David Bromberg, Quintet Heading to Chandler

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Arts / Sep. 28, 2017 9:14am EDT

David Bromberg will bring his multi-talented quintet to Chandler Music Hall in Randolph for an evening of blues, bluegrass, ragtime, and country on Thursday, Oct. 5 at 7 p.m. (Provided)David Bromberg will bring his multi-talented quintet to Chandler Music Hall in Randolph for an evening of blues, bluegrass, ragtime, and country on Thursday, Oct. 5 at 7 p.m. (Provided)
An American roots music icon, David Bromberg got his start in the legendary Greenwich Village folk scene of the 1960s. He played in Bob Dylan’s band and counts Bonnie Raitt, Carly Simon, The Eagles, Dr. John, and the late Jerry Garcia and George Harrison, among his many collaborators and admirers.

On Thursday, Oct. 5 at 7 p.m., Bromberg will bring his multi-talented quintet to the Chandler Music Hall in Randolph for an evening of blues, bluegrass, ragtime, and country.

Opening for the Bromberg outfit will be Brian Mackey, a New York City-based singer-songwriter who reflects on his life’s experiences as a native of rural Georgia and northern Florida, captured in songs drawing on indie rock and Americana influences.

Bromberg has spent a lifetime exploring and absorbing the highways and byways of American blues and folk music. Born in Philadelphia in 1945 and raised in Tarrytown, N.Y., he began playing guitar at age 13.

“As a kid,” he recalled, “I listened to rock ‘n roll and discovered Pete Seeger and The Weavers and, through them, Reverend Gary Davis. Then I discovered Big Bill Broonzy, which led me to Muddy Waters and the Chicago blues. At more or less the same time, I discovered Flatt and Scruggs, which led to Bill Monroe and Doc Watson.”

The rest is American musical history. As Jerry Jeff Walker—another stellar songcrafter who once featured Bromberg in his band— said, “David is the reason man created stringed instruments. David touched them with lover’s fingers and they moaned that true love right back at him. Wood and wire and flesh spoke.”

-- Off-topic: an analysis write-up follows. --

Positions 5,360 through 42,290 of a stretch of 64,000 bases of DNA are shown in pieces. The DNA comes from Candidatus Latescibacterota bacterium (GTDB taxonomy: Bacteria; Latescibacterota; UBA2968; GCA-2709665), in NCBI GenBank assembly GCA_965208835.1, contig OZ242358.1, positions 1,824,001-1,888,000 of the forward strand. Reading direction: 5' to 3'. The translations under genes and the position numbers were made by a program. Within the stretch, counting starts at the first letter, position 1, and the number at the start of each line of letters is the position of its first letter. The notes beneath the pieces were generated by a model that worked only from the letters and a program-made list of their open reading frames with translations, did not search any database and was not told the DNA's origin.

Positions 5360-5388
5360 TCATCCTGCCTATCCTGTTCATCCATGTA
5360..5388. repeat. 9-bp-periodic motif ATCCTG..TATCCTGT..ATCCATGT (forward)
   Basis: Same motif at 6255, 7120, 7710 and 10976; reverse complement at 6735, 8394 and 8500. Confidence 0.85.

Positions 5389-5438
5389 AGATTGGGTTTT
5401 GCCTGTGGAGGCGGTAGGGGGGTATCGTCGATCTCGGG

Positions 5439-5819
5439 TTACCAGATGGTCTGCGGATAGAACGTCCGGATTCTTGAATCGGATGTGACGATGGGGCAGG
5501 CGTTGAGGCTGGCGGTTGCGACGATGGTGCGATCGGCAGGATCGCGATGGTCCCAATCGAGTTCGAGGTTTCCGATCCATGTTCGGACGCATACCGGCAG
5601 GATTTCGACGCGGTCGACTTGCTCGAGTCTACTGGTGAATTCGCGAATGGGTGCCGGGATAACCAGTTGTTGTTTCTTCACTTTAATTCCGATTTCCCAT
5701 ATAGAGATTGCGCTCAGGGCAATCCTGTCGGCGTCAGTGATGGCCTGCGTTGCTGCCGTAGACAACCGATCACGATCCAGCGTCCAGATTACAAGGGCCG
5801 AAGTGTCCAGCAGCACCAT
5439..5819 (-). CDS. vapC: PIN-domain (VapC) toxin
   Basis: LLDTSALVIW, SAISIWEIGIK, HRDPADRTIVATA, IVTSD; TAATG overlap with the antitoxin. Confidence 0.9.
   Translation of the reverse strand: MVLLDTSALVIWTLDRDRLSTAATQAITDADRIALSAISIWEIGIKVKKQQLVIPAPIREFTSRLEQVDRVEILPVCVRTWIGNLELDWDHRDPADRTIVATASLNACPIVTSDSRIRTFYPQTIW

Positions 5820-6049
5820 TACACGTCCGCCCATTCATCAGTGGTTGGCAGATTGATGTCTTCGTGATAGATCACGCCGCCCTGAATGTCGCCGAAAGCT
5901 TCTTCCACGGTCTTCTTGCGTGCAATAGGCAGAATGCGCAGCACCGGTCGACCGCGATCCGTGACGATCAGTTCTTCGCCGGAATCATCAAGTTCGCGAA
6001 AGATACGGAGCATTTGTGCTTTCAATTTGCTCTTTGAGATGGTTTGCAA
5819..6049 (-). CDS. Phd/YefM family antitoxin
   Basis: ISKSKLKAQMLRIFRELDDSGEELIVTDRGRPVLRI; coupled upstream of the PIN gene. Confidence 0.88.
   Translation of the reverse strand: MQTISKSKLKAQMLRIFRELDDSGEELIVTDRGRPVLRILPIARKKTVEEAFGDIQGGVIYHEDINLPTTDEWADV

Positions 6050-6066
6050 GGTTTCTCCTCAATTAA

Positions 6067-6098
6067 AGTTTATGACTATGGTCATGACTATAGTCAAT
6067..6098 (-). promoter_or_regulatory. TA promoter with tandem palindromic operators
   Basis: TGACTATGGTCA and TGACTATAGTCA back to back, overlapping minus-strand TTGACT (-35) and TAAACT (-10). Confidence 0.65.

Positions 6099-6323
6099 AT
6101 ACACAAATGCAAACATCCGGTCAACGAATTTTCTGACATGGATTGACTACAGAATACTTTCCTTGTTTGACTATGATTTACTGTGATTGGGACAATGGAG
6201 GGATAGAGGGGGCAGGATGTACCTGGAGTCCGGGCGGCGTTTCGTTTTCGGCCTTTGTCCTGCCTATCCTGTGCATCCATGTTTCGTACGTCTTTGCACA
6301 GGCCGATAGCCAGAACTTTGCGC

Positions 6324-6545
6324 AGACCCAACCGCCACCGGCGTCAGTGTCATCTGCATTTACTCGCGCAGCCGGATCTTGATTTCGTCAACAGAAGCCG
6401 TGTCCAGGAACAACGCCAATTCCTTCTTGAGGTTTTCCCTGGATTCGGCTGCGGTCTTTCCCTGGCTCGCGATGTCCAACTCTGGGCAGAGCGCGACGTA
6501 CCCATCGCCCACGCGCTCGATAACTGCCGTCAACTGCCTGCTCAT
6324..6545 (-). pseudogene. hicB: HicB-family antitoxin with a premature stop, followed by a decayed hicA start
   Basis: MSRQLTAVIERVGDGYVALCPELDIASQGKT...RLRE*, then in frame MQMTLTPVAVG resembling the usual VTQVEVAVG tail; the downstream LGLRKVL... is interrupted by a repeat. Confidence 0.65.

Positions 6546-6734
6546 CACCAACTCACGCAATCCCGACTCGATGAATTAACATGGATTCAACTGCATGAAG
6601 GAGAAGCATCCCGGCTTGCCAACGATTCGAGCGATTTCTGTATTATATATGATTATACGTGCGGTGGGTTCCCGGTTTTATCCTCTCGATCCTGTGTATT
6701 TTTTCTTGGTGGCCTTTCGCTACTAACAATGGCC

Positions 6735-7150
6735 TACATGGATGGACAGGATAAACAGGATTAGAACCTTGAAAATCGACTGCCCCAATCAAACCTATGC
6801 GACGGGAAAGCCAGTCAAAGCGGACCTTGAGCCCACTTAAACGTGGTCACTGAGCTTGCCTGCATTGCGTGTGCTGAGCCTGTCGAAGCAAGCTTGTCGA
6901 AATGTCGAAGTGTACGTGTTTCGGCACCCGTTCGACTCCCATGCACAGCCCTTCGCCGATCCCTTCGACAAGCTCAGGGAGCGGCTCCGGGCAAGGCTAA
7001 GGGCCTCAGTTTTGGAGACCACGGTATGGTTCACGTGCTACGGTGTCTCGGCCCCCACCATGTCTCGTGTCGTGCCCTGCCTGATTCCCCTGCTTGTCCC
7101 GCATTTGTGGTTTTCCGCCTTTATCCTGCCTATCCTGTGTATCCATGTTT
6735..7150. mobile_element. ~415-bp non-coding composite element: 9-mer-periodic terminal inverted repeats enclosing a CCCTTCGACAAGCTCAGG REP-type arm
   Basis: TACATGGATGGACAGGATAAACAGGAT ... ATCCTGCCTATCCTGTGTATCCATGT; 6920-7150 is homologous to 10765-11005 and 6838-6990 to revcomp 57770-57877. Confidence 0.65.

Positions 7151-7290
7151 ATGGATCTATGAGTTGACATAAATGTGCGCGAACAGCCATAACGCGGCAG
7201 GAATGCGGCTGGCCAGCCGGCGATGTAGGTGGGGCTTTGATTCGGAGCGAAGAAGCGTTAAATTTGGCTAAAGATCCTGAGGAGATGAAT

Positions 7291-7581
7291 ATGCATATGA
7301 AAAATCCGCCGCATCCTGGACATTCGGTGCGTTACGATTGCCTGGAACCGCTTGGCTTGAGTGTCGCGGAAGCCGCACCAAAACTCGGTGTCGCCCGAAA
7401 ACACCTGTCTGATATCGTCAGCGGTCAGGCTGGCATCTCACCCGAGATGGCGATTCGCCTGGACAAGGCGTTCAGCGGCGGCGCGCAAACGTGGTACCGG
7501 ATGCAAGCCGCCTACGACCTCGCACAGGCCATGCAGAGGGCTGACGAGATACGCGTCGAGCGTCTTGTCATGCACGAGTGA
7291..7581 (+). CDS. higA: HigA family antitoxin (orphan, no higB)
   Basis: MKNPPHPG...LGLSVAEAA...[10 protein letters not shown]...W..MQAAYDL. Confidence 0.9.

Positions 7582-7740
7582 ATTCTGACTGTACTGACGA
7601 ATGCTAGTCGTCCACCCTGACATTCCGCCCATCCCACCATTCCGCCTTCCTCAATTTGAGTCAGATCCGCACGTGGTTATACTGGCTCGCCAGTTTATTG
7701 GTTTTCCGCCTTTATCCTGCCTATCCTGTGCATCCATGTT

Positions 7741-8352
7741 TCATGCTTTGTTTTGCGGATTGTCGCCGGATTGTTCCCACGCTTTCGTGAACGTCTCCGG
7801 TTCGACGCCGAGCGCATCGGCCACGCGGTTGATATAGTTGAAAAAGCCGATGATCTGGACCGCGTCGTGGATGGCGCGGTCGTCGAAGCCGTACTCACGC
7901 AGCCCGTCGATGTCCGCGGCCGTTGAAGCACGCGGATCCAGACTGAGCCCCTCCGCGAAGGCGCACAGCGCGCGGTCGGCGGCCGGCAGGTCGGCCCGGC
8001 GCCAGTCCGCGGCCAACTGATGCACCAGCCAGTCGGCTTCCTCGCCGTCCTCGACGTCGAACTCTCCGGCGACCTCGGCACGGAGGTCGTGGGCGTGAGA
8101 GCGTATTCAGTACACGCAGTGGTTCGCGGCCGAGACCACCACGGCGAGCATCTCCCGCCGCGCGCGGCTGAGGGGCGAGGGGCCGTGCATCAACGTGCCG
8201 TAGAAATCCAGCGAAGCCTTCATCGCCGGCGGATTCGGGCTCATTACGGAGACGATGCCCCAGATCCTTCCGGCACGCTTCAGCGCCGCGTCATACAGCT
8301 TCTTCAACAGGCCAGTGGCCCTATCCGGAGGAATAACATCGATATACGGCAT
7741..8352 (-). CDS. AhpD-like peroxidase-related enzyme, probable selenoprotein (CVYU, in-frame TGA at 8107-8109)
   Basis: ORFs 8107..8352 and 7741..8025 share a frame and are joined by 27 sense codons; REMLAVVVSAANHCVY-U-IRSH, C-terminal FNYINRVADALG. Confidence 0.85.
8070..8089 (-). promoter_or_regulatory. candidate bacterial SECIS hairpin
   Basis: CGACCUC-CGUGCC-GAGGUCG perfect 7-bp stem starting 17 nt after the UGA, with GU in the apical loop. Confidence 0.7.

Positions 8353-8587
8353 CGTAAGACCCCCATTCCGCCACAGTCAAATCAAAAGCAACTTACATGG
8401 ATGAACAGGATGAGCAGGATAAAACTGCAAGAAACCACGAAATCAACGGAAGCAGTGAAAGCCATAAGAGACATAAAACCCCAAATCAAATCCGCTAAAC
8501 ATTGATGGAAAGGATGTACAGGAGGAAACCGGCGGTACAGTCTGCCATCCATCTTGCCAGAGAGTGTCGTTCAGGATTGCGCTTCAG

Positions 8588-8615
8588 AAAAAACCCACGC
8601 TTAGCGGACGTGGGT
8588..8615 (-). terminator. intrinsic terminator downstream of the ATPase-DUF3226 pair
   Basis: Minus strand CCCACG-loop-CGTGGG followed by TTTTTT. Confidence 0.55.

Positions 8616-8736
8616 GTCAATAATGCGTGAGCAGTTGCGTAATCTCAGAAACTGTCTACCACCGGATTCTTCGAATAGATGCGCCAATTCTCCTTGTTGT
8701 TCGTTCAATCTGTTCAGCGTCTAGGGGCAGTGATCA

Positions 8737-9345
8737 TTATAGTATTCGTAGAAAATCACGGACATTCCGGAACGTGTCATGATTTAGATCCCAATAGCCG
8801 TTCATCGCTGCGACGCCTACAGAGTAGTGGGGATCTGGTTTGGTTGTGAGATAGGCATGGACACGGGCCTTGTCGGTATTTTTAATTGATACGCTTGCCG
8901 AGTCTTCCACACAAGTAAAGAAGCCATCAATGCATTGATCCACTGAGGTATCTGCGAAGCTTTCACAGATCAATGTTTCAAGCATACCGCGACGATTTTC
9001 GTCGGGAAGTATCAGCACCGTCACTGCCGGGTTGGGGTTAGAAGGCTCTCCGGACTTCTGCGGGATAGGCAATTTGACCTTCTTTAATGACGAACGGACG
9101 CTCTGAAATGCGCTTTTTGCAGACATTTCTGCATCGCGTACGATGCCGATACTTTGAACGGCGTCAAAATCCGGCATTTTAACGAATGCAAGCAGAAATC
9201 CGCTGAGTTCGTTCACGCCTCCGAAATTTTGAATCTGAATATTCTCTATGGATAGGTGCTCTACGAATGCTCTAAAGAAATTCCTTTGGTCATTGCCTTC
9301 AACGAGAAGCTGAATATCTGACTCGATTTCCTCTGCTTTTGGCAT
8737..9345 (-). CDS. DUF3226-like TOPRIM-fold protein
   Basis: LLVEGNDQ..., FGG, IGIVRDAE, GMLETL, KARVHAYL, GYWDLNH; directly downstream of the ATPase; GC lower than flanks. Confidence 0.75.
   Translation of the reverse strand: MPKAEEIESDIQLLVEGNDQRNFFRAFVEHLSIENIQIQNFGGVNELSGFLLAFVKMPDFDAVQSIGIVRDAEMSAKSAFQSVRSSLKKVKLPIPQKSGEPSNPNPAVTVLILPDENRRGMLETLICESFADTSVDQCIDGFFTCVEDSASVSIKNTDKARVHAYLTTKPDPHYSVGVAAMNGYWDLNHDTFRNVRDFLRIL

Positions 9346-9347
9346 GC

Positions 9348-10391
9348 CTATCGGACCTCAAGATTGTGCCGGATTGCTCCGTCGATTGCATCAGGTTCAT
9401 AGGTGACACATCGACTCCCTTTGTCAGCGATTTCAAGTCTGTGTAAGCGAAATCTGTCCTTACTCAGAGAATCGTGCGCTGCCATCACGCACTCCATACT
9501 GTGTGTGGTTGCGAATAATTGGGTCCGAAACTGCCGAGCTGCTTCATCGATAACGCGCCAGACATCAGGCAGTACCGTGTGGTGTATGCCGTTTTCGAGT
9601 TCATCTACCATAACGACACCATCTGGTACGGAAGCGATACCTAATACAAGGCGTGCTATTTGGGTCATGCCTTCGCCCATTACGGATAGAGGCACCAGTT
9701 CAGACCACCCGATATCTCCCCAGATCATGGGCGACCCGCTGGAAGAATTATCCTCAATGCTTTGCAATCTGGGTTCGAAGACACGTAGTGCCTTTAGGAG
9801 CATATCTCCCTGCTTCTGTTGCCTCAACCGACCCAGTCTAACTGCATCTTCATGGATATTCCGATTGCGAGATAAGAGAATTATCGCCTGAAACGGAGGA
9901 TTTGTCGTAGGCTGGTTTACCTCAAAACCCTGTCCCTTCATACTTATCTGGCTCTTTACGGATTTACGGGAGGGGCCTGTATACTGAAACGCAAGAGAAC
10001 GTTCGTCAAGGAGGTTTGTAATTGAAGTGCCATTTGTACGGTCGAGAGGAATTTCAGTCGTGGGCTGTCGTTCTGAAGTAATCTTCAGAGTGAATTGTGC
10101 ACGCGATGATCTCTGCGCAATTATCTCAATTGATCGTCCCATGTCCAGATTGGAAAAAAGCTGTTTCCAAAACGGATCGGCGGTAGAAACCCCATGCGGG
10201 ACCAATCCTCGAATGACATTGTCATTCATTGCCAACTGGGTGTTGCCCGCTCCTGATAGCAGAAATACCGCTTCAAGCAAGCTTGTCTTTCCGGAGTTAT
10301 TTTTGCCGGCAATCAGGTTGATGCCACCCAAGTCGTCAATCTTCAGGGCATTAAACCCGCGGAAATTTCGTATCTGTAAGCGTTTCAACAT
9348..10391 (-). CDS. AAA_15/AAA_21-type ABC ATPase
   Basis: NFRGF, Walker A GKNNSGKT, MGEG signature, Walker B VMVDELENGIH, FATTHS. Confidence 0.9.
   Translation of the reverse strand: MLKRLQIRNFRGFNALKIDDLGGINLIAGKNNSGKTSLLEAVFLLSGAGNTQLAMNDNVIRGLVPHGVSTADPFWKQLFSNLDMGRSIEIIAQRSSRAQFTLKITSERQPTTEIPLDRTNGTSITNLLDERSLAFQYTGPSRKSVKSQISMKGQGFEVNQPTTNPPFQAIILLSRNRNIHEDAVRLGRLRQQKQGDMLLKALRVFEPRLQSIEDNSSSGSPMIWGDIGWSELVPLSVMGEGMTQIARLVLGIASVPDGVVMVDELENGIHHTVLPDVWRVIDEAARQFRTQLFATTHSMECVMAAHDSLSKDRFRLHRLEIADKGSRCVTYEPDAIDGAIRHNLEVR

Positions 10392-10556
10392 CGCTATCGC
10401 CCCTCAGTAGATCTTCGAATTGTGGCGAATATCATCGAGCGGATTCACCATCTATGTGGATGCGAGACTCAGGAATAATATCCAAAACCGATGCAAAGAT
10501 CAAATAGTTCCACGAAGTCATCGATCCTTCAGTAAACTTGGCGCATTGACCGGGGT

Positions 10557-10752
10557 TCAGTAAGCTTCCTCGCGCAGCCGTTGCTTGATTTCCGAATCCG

An unexpected and wildly successful solo gig at the famed Isle of Wight Festival in 1970 led to a recording contract with Columbia Records. Bromberg’s material, based in the folk and blues idioms, continually expanded with each new album to embrace a plethora of folk, blues, and Celtic music forms.

But despite exhilarating, sold-out concerts and plenty of acclaimed recordings, he found himself exhausted and weary from the logistics of the music business. He dissolved his then-big-band in 1980 and moved from northern California to Chicago with his musician-wife, Nancy Josephson, to attend a violin-making school.

For the next two decades, Bromberg made world-class violins—a second career that reached its zenith in 2002, when he and Nancy were lured to Wilmington, Del., where they established David Bromberg Fine Violins, a retail store and repair shop. The duo hosted or participated in many of the city’s weekly folk jam sessions, helping rekindle his desire to record and perform live music again.

With the release of the Grammy nominated “Try Me One More Time,” his solo return to the recording studio, Bromberg’s musical rejuvenation was complete. The master of multiple stringed instruments, he then hatched an idea to bring a host of his fellow musical luminaries together to record 2009’s “Use Me,” which featured him and friends such as John Hiatt, Levon Helm, Vince Gill, Los Lobos, Widespread Panic, and Linda Ronstadt. His latest recording is “The Blues, the Whole Blues, and Nothing But The Blues.”

For tickets, call the Chandler Box Office at 728-6464, visit chandlerarts.org, or stop by Chandler any weekday noon-4 p.m.

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